ITIL Implemented. Now What?
Martin Andenmatten / 15 May 2014
You can read much criticism about ITIL® these days, and how well, or how poorly, it is implemented. At the very least, ITIL is “just” a framework that helps you and your organization drive the change towards a more customer-focused and service-oriented service provider. ITIL supports this with a huge number of guidelines and should not be blamed for processes that are not implemented well. But, what is “implemented well” and what is “not”? How can you find out? Where can you get clear answers on what to improve?
The same situation exists in many organizations. The ITIL processes are defined, roles assigned, the tool configured accordingly and all the employees are trained. Some of them with intermediate grade, and one or two are even ITIL Experts. So, you would think everything is fine. Even so, it still does not work and there is no way to explain “why”. The implementation of changes—even of existing change requests—leads to even bigger challenges for everyone involved. See diagram below “Components for Controlled Service Environment CSE”.
Suppliers are not managed (correctly), even though a supplier management process is in place. Despite monitoring of availability and performance, bottlenecks are not recognized in time. The teams are still not capable of making a distinction between incidents and problems.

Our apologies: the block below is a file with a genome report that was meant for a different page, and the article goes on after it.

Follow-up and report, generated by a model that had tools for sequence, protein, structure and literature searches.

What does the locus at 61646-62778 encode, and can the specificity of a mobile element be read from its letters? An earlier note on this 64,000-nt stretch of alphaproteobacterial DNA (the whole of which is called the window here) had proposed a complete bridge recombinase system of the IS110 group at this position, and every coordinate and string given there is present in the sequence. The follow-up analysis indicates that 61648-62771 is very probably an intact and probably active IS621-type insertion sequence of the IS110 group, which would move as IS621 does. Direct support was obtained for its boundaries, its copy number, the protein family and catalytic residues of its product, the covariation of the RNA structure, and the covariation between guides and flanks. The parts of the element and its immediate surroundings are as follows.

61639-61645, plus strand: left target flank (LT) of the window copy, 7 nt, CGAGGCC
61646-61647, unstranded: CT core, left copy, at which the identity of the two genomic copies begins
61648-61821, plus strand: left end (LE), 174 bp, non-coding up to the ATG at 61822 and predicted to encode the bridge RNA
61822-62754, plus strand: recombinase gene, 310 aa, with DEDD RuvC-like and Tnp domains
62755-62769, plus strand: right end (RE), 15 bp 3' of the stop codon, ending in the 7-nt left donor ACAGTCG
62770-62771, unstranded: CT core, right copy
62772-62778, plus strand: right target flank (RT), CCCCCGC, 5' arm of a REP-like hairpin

Obviously, the process maturity is not where management expected it to be. How, and especially, where should one go about getting an optimal performance out of the Service Management System?
What is missing? Where, and how to improve? What is the exposure to risk in the current situation?
Our paper discusses a possible solution to the problem outlined in this article. How we, at Glenfis, adopted The Tudor IT Process Assessment (TIPA®) and how we benefitted from using assessment methods based on international standards. And, in turn, what customers gained from the assessment we provided them using the TIPA Toolbox.
With TIPA, measurement is not just “reading coffee grounds”, but a more robust approach based on a standard model.
If you would like to learn more about TIPA, watch this video “What is TIPA for ITIL?”
More information on the ITIL and TIPA courses is available in the ITpreneurs Course Catalog.